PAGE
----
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Word Pockets

Teaching and Differentiating Sight Words

I wanted to accelerate my students' sight word learning and differentiate it at the same time.  A lot of my students need more practice becoming automatic with their sight words.  Once they do this, their reading begins to take off!  Now this is not the only step in increasing their reading, but becoming quick with recognizing sight words is an important step.

Teaching and Differentiating Sight Words

A lot of times we will go over sight words on our iPads using SlideShark to format the slides correctly.  You can find these PowerPoints for the Dolch sight words pre-primer through second grade here.  Sometimes we practice these slides on the Smartboard.  But students need more than that to become automatic with them.  So I am using word pockets!

Teaching and Differentiating Sight Words

They are so easy to make!  You need a package of file folders, colored copy paper if you wish.  You can use just white paper too.  And snack size baggies.

Teaching and Differentiating Sight Words

I set up the printer for 6 slides per sheet.  That makes just the right size for little hands.  Not so small that they are hard to handle, but not so big that you are using lots of paper.  I also set it to gray scale to save on color.  Each of the sight word lists look different so if you wish to use white paper that works great too.  Then just use scissors or a paper cutter and cut them up.  

Teaching and Differentiating Sight Words

For each pocket, you will open the file folder all the way and fold about 1/3 of the bottom up to the inside of the folder.

Teaching and Differentiating Sight Words

Turn the folder over and staple the sides to create the pockets.

Teaching and Differentiating Sight Words

You can leave the fronts blank, have the students label them, or print off labels.  Whatever works for you!

Teaching and Differentiating Sight Words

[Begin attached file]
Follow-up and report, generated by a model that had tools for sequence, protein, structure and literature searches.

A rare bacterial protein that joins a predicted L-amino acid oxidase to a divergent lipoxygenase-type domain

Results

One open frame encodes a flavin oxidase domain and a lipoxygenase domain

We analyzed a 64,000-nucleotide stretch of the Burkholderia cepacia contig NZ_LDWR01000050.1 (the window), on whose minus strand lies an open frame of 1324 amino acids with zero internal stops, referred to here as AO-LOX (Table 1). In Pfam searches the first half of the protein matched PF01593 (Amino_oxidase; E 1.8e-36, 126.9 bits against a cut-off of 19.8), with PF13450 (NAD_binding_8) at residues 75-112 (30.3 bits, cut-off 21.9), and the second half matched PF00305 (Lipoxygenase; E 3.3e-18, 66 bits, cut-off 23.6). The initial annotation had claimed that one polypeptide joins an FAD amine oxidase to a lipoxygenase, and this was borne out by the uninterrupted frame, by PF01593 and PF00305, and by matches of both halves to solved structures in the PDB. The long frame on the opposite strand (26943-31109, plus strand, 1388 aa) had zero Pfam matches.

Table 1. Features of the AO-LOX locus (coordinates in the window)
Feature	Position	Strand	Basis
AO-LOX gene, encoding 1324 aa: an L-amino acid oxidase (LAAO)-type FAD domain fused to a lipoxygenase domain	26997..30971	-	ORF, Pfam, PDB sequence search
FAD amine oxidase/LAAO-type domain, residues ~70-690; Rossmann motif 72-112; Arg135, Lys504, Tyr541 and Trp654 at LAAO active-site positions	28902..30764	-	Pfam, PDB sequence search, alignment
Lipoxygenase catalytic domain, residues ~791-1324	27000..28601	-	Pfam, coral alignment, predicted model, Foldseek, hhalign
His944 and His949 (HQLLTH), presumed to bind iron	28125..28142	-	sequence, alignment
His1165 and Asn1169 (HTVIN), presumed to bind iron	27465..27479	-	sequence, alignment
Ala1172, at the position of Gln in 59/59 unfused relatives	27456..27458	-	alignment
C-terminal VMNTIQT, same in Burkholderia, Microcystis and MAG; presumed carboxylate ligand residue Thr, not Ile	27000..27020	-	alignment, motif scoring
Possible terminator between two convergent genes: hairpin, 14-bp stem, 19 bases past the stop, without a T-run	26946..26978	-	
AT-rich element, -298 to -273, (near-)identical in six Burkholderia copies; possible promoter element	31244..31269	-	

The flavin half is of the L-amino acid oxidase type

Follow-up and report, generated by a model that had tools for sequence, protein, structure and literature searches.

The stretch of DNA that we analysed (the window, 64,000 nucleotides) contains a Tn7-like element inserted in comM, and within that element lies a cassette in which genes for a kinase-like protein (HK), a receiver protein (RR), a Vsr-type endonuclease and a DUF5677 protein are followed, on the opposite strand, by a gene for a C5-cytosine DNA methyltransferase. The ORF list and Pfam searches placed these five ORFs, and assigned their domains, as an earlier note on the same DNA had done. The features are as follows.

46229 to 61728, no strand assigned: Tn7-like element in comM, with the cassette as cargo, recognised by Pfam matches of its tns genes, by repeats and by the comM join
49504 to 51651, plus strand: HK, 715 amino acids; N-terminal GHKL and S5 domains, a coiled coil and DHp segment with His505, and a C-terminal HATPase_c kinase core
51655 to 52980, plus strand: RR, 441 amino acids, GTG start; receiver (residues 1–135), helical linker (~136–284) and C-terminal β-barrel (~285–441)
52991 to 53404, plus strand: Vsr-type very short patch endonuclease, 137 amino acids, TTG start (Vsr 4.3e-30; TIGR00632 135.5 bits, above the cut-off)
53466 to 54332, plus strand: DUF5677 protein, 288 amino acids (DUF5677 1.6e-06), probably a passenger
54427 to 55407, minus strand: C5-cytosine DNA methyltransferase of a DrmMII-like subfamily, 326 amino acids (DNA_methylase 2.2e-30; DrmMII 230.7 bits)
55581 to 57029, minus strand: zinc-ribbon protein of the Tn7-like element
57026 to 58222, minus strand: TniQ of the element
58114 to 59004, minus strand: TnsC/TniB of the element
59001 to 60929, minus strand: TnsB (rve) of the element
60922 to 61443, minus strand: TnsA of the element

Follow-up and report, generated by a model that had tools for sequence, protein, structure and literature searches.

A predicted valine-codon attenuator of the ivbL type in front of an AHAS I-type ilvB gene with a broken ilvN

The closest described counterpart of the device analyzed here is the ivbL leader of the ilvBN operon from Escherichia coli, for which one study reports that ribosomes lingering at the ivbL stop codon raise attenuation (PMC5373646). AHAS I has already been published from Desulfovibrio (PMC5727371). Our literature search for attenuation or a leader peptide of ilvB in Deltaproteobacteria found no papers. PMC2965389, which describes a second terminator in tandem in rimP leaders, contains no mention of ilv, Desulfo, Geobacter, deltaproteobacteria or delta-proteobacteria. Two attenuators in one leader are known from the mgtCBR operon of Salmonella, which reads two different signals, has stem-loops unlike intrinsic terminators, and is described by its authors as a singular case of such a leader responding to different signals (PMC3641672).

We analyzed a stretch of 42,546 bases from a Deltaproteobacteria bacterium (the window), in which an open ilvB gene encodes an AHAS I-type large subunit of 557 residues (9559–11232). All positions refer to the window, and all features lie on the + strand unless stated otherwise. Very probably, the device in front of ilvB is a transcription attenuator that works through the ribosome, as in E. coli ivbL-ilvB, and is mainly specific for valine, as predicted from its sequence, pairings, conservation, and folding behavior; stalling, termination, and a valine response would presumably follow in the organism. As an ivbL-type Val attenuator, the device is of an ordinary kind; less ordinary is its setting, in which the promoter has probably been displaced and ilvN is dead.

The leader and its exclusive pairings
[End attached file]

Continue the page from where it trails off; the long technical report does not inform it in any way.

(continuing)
On the inside, you can label the pockets or have the students do it.  I assess the students on their sight words often to be sure I am moving them forward.  Plus we add words that go with stories.  My Guided Reading Anecdotal Notebook is where I keep track of the words students know.  Several times a week students get their pockets and pull out the baggie on the left and quickly go over their words.  When I listen to students read their words, I can differentiate by adding more words from the baggy on the right side, thus moving students forward as they are ready to learn more.  In these pockets, the sight words are pre-primer.

Using Anecdotal Records to keep track of sight words learned

This is one of the pages from my Guided Reading Anecdotal Records Notebook that I keep on my students.  I can just keep this notebook with me to assess students and keep track of my anecdotal records on them.

Teaching and Differentiating Sight Words

If a student has mastered one list and is ready to move on, I can keep the lists mastered in the left hand side and add more baggies.  This keeps the word lists from becoming overwhelming if there were too many to always being reviewing.  But I also don't want students to never see those words again.  They sometimes need to cycle back and review words previously learned.  To accomplish that, I can just tell them what color I want them to practice that day.  Easy Peasy!!

Hope this is an easy way for you to make learning sight words more manageable and a quick way to differentiate them too!

10 comments:

  1. What a wonderful idea! Definitely great for sight words but I have a few still working to master their letters so I could easily adapt this for them!

    Learning at the Teacher Table

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    1. Yes! These pockets would work for so many different skills. Letters would be great! Thank you for stopping by, Donna.

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  2. Those are great!! Thank you for sharing!!!! I keep them colored coded, but I love the pockets!!! Thank you!!! I just pinned it :)

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    1. Thank you for pinning for me, Bridget! I appreciate that! Glad you came by!

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  3. You are so organized and efficient. It's a must in our profession. Your pocket folders are great! I'm in the midst of intensive sight word practice with a few readers too.

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    1. I think you are right, Tammy. We definitely must be organized or learning would not move forward very well. Good luck to your little readers and their sight words too!

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  4. These are really cool, Lori! Thanks for sharing such clear directions.

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    1. Thank so much, Barb! The pockets are so easy to make!

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  5. Perfect! This is just what I needed to find today. I've been using a ring system with the kids flipping through them but I like your system better. Thanks!

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    1. Sara, for me it is all about finding a system that works for me and my students. Sometimes that changes over the years. I did really like the pocket system this year. I was able to differentiate more and accelerate their learning.

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